Sarah from Dolls And Daydreams® knows all about sewing for charity. Her campaign to sew dolls for children in Haiti after the 2010 earthquake was a tremendous success. We hope Sarah inspires you sew dolls and softies for children, and perhaps to participate in our Soft Toy Drive to Benefit Children in Foster Care.
Learn more about Sarah and her 200+ sewing patterns in her introduction, and check out Dolls And Daydreams® and Sarah’s Facebook page. Sarah also has a Dolly Donations blog with more details about how and where you can donate dolls and stuffies.
Hi, I’m Sarah, the indie pattern designer behind Dolls And Daydreams®. I’m often asked how I went from a fine art background to becoming a soft toy designer and, quite honestly, it was purely by accident.
Some of the 77 dollies I hand made for my Haiti Doll Drive in 2010.
My life took an unexpected turn in 2010. I had just had my daughter when the Haiti Earthquake hit, orphaning thousands of children and leaving them with nothing. I, like many others who watched the harrowing footage on television, was heartbroken. As I looked at my daughter clutching one of the handmade dolls I had made her I realized I could help. I strongly believe every child needs something that is theirs– a dolly to love and cuddle, to share their hopes and fears with and to keep them safe at night.
I set about starting a Dolly Donations doll drive for the children of Haiti using an easy free doll pattern I designed, and the response was amazing! We collected over 580 dolls for the children and have since continued to collect, make and send out thousands to children in need all over the world. Sewing dolls and softies for charity is very close to my heart.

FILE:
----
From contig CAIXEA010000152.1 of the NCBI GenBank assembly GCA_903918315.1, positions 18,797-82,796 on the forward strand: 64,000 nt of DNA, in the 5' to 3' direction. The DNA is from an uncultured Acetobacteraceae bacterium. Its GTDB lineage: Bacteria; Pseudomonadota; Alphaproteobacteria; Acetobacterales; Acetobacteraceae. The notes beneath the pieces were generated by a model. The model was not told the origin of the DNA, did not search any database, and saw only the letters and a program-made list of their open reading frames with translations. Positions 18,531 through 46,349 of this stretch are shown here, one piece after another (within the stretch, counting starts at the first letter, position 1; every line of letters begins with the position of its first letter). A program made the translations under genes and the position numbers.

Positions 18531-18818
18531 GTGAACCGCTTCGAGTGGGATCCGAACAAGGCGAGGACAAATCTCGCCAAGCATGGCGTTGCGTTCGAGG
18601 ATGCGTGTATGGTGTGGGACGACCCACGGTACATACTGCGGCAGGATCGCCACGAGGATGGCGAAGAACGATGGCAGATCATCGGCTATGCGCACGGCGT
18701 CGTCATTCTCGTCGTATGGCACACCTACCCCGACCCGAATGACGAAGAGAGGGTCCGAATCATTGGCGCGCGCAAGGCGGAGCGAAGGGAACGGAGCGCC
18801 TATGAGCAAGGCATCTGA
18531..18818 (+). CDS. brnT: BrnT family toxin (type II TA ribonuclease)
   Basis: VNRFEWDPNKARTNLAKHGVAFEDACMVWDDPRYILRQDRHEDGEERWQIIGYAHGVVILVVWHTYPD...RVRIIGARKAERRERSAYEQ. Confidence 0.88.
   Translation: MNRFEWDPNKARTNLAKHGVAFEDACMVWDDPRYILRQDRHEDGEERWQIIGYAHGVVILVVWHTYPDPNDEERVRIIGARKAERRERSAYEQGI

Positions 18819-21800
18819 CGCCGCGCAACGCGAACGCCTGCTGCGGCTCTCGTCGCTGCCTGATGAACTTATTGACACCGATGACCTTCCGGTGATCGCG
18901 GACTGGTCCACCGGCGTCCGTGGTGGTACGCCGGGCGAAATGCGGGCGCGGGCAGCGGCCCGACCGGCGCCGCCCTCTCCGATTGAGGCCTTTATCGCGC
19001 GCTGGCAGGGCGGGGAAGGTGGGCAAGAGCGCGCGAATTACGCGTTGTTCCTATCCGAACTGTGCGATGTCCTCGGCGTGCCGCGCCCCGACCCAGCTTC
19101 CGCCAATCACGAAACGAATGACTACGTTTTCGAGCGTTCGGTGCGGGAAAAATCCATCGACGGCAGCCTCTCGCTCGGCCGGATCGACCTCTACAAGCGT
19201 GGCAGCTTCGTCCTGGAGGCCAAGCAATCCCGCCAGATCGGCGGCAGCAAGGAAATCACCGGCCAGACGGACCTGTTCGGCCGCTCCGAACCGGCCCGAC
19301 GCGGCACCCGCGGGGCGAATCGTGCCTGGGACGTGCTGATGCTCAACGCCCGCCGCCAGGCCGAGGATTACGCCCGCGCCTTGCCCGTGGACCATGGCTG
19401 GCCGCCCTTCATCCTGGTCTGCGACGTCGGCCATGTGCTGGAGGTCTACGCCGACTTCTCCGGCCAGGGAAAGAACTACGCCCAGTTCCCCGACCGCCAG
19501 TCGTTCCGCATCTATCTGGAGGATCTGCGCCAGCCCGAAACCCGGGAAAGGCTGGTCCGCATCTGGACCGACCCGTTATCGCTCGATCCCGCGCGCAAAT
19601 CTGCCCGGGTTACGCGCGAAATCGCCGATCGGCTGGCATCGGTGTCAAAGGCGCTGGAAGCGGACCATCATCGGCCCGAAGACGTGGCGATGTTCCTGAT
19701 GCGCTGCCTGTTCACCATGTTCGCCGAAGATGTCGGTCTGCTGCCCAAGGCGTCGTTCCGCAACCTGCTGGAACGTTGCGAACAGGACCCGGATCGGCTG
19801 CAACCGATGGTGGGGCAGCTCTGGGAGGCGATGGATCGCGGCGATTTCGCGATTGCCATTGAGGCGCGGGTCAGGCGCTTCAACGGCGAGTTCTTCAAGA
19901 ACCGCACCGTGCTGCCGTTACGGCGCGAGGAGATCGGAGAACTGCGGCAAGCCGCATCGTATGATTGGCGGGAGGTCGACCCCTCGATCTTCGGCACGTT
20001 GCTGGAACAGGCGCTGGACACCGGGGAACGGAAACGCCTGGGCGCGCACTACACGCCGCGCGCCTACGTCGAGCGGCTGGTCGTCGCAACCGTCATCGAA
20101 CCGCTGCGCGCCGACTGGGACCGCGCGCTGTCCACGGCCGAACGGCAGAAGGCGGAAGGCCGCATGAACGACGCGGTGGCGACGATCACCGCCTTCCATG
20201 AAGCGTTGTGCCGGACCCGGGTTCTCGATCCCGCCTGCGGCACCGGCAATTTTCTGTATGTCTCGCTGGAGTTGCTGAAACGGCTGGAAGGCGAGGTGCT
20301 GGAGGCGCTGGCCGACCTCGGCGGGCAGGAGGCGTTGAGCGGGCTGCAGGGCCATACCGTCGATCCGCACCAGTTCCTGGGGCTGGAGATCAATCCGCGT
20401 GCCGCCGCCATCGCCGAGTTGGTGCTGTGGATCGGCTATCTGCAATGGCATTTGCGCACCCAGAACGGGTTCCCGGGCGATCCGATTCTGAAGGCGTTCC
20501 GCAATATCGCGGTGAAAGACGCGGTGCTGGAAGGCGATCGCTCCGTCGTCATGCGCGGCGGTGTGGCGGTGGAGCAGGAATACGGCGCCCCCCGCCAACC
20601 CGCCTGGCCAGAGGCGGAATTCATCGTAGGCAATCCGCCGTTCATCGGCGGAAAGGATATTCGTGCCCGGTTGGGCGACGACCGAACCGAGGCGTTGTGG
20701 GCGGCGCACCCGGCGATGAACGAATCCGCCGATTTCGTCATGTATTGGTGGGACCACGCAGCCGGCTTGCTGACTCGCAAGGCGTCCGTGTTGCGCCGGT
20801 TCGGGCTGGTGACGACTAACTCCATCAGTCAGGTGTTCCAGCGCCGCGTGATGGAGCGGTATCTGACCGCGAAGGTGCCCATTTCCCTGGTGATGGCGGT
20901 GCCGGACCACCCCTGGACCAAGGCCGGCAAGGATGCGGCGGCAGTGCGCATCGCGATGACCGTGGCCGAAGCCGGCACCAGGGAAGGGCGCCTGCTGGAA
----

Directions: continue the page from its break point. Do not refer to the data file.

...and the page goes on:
Donating Dolls Abroad:
Overseas orphanages are nearly always looking for general supplies for the children but rarely get donations of dolls. I discovered when doing my first Haiti doll drive that often the dolls we made were the first really personal gifts these children had ever received.
Unfortunately, finding an organization to partner with isn’t as easy as you might think. Some charities do not accept handmade items. Others do, but don’t have the resources to ship the dolls into the country through customs. Reach out to your organization of choice before you begin your doll drive.
Terry and her sewing friends made and distributed 195 dolls
to children in need on their mission trip to the Dominican Republic.
Mission trips organized by churches are a wonderful way to get dolls in to the hands of children in need. Why not organize a sewing circle with your church friends and see how many you can make?
Verity made 74 dolls using my Easy Girl Doll Pattern and distributed them to little girls in Maasailand, Kenya.
If you can’t find an organization that can take the dolls for you why not set up a Dolly Drive yourself? It doesn’t have to be big. An extra suitcase filled with dolls goes a long way! If you will be going or know of someone visiting an orphanage abroad, taking the dolls yourself in your luggage means that you can personally see that the dolls get into the hands of the children.
Here are two organizations I love. I have ongoing Doll Drives for these organizations on my blog:
The Uthando Project: Dolls for South Africa:
The Uthando Project collects dolls for the children of KwaZulu-Natal, South Africa. So far 40,000 dolls have been sent over a 10 year period. Simply amazing! I have summarized what is needed and where to send your dolls on my Dolly Donations Blog.
Monica shipping dolls to Haiti.
Holy Family Cluster: Dolls For Haiti: